In the past we have run into issues with the API simply keeping up the demand, causing us to expand out to a second server some years ago to help distribute the load. More recently however, the architecture that we have been priding ourselves in being simple and efficient bit us in the butt when the US server went off-line for an extended period of time. Unfortunately for us, this was beyond our control, as the hosting provider that was donating us the gear ran into problems and their entire facility went off-line. We scrambled to being up a temporary master so that generations could continue as normal, however we had to develop a better model for handling this.
Our initial thought was to try to take advantage of the situation and get the community to help us raise the capitol to run our own gear, our way. Unfortunately reality set in pretty quickly when our rally cries were either deleted on Reddit, or generally ignored. A few companies however did respond to offer us some more donated gear and gratis hosting in order to keep us up and running. As it seems that this model is the only model that the community wants to support, we eventually conceited defeat on trying to get our own gear and started communicating with some of the various hosting providers that had contacted us.
With this in mind, we started to engage several companies and then quickly narrowed the list down from there. We wanted to still keep the overall environment small so that it’s manageable by our 2-man (lets be honest, David does most of the ops stuff now) operations team. We also made some small, but fundamental changes to how we will be handling the data, generations, etc. as well. As a result, we went from 2 servers to 6, and we will also be looking into making some other changes down the road to help us react quickly and effectively to any future changes.
The first change we did was make the decision to have dedicated generation servers. In the past, all generation was done on the Dallas API server, and while this never cause any issues, we were putting too many eggs in one basket. We also figured that is 1 generation server is good, it might make sense to have a backup server in-case the first one goes down for any reason (like in-case, you know, our provider goes down).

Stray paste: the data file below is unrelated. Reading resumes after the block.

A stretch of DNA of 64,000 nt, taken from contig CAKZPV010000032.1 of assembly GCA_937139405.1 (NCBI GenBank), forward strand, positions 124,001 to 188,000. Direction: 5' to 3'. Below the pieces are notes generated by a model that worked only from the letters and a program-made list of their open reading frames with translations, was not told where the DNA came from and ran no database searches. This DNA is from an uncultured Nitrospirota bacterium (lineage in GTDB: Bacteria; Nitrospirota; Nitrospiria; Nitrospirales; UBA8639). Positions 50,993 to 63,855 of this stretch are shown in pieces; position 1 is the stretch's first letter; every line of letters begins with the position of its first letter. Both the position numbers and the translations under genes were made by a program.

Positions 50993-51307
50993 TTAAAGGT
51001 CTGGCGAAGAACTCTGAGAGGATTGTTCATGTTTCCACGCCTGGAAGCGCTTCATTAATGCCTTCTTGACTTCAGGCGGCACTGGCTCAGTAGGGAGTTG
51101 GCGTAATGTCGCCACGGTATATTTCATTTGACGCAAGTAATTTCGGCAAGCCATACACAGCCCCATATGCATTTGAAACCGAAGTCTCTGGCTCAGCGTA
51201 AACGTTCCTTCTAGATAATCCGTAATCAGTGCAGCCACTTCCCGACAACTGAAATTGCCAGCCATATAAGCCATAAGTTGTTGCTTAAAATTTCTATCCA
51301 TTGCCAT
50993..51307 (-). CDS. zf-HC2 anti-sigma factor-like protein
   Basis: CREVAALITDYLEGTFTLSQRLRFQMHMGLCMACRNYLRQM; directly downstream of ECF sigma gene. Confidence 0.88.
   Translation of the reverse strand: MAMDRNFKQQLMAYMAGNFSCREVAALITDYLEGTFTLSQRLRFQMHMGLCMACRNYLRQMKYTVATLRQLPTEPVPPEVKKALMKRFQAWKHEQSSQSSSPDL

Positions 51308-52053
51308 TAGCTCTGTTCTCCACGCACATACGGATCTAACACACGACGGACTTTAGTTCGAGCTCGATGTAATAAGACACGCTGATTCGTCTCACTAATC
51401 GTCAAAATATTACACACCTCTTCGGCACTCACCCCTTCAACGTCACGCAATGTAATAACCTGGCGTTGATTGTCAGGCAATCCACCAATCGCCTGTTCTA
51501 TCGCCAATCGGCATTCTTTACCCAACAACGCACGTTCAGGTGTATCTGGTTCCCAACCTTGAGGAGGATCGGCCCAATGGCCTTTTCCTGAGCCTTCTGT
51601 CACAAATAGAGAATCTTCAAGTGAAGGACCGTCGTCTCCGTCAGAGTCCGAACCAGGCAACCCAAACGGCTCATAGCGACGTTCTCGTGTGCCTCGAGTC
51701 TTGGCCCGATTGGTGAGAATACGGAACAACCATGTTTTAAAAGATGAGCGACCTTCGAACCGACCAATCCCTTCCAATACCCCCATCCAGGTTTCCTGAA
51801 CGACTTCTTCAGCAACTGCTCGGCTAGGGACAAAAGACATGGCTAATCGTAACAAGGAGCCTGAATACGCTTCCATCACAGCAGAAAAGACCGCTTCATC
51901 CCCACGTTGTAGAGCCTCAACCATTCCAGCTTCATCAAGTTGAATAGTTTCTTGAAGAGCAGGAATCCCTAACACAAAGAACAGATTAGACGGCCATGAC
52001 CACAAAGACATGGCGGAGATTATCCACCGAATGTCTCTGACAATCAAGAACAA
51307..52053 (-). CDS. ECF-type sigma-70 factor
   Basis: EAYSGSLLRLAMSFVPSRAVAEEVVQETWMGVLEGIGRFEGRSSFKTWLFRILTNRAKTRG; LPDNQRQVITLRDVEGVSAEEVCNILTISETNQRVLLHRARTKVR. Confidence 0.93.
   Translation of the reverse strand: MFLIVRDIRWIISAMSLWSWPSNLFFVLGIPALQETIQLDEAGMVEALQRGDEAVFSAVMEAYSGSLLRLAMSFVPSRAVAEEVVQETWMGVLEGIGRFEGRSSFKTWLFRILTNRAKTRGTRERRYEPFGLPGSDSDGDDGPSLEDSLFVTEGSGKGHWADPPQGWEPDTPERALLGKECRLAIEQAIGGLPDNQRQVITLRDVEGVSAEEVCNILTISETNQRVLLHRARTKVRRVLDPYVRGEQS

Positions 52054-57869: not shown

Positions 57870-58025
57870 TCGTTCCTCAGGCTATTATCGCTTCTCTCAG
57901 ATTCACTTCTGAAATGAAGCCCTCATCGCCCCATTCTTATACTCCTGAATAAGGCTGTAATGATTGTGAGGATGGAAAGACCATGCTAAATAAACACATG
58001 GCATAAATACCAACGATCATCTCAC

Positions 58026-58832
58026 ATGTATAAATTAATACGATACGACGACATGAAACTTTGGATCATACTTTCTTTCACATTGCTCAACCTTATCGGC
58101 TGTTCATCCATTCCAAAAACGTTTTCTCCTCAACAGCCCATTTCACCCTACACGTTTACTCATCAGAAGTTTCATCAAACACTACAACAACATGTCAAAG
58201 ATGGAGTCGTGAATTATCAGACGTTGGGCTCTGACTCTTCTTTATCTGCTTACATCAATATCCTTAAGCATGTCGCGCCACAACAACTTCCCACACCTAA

The second change is that we now will have 2 servers in each geographic region. Each server will also be hosted by a different provider. This means if something goes down, that whole region wont be be (hopefully) significantly impacted.
Thirdly, we decided to expand out the MongoDB instances a touch, making sure that the API servers are all identical (and now slaved) to the current active master generator.
Lastly, while the city-based naming convention worked well for us, it often created some confusion. So we are switching up to a state/country model with each region also rolled up into it’s respective regional record. This means that to a large degree, we have added some more granularity to how we are referencing the our systems, and also help developers when troubleshooting issues with their code.
In general our goal here is to try to make the BukGet platform generally more stable for everyone and provide the needed resources to grow. We have already talked internally about starting to support more servers than just Bukkit, however some of these changes were needed first to really bring everything up to speed before we could start working down those paths.